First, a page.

//*****************************************************************************************//


      //*** Call the extension method on a sequence of any number of sequences. ***//
      IObservable<int>[] sources = new[] { firstSource, secondSource, thirdSource };
      using(IDisposable handle = sources.Amb().Subscribe(value => Console.WriteLine(value)))
      {
        Console.WriteLine("\nPress ENTER to exit...\n");
        Console.ReadLine();
      }

The following example demonstrates the Amb operator by applying it with two sequences of integers. The delivery of the integers in the first sequence is delayed by three seconds. The delivery of the integers in the second sequence is only delayed by two seconds. So the second sequence responds first and is the result of the Amb operator as shown.

using System;
using System.Reactive.Linq;

namespace Example
{

  class Program
  {

    static void Main()
    {
      int[] sequence1 = { 1, 2, 3 };
      int[] sequence2 = { 4, 5, 6 };

      //*** The first event in observable sequence1 is delayed by 3 seconds. ***//
      IObservable<int> firstSource = sequence1.ToObservable().Delay(TimeSpan.FromSeconds(3));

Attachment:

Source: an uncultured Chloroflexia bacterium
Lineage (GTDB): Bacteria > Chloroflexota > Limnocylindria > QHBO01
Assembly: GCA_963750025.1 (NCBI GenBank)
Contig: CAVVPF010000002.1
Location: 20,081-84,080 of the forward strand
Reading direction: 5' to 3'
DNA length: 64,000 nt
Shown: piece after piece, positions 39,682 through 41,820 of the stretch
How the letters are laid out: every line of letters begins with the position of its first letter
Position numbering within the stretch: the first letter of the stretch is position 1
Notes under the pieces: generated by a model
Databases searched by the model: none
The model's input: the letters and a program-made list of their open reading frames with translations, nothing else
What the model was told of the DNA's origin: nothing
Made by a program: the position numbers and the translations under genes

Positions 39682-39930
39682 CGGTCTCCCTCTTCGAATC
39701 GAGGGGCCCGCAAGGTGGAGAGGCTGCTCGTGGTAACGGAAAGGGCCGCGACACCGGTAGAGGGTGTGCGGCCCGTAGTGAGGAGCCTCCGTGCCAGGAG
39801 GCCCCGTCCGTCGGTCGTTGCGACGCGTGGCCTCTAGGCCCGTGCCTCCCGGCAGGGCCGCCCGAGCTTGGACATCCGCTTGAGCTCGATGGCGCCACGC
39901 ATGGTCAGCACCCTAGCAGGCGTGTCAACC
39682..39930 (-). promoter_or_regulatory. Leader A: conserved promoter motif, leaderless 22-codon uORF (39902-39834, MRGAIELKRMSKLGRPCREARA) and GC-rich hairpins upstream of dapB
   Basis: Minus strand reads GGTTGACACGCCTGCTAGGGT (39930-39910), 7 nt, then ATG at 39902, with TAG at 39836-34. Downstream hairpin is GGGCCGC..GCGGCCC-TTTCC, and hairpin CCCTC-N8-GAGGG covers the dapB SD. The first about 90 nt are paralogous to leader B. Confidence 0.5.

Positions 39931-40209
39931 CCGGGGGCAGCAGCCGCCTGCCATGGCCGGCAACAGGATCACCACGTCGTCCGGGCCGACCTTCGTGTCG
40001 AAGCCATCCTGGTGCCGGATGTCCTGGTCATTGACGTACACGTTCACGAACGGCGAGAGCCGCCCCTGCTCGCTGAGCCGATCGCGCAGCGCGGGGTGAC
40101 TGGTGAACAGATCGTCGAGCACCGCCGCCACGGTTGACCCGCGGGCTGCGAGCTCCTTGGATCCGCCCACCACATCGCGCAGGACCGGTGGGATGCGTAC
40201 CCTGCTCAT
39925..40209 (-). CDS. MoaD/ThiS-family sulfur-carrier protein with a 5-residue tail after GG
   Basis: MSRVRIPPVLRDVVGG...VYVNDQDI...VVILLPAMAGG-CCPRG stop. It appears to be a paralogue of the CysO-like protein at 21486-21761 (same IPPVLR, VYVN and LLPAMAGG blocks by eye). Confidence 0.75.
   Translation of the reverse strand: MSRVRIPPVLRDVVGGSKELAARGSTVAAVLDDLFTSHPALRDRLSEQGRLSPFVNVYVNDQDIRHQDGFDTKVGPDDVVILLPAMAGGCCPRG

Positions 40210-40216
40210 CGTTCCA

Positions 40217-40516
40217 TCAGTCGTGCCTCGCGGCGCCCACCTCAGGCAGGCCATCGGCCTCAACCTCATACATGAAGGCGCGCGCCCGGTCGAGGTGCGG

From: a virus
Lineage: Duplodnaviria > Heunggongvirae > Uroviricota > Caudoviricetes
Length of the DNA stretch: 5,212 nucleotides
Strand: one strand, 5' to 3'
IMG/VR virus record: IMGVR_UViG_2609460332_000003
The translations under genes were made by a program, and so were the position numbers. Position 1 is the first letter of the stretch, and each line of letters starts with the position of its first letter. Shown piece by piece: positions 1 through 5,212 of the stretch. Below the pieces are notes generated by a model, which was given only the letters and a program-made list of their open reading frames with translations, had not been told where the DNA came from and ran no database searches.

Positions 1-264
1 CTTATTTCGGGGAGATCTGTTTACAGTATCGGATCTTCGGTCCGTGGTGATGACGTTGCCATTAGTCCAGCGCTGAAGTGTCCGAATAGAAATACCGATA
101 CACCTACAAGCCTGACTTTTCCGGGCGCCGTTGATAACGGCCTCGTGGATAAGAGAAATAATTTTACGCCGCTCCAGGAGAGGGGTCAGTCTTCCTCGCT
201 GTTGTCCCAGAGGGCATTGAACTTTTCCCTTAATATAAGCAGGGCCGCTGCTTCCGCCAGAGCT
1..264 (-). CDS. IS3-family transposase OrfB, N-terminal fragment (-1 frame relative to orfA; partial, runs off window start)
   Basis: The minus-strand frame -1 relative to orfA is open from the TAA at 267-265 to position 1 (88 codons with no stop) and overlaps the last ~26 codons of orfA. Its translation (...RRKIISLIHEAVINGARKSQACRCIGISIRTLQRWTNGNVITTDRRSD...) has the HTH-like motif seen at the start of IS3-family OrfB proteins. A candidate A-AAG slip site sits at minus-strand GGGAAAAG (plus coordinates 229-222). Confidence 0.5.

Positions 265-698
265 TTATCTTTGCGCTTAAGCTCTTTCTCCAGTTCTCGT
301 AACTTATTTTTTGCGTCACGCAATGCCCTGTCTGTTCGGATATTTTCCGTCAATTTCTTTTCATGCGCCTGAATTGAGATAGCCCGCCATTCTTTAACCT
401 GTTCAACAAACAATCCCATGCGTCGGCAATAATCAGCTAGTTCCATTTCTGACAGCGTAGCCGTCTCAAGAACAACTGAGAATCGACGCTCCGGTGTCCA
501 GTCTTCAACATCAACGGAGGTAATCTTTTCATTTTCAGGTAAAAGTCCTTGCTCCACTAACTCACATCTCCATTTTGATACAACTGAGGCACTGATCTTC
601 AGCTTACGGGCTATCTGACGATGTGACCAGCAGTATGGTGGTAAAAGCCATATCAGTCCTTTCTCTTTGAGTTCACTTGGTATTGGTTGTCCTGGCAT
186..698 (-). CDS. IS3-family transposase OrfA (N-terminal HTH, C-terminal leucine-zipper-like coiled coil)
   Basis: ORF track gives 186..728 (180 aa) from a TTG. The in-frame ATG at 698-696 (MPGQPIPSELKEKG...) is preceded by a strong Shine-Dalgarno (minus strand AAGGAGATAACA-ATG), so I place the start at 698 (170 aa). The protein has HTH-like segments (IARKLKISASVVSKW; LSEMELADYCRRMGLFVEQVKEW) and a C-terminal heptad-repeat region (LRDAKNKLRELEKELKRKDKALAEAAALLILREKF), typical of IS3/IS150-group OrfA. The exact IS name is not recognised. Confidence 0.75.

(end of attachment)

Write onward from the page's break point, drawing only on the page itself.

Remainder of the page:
//*** The first event in observable sequence2 is only delayed by 2 seconds. ***//
      IObservable<int> secondSource = sequence2.ToObservable().Delay(TimeSpan.FromSeconds(2));


      //*****************************************************************************************//
      //***                                                                                   ***//
      //*** The Amb operator will simply return the observable sequence which responds first. ***//
      //*** The other sequence will be ignored.                                               ***//
      //***                                                                                   ***//
      //*** In this example "secondSource", which contains sequence2, will respond before     ***//
      //*** "firstSource". So "secondSource" will be the observable sequence returned from    ***//
      //*** the Amb operator.                                                                 ***//
      //***                                                                                   ***//
      //*****************************************************************************************//

      using (IDisposable handle = firstSource.Amb(secondSource).Subscribe(value => Console.WriteLine(value)))
      {
        Console.WriteLine("Press Enter to exit...\n");
        Console.ReadLine();
      }
    }
  }
}

The output from the example code is as follows.

Press Enter to exit...

4
5
6
Show: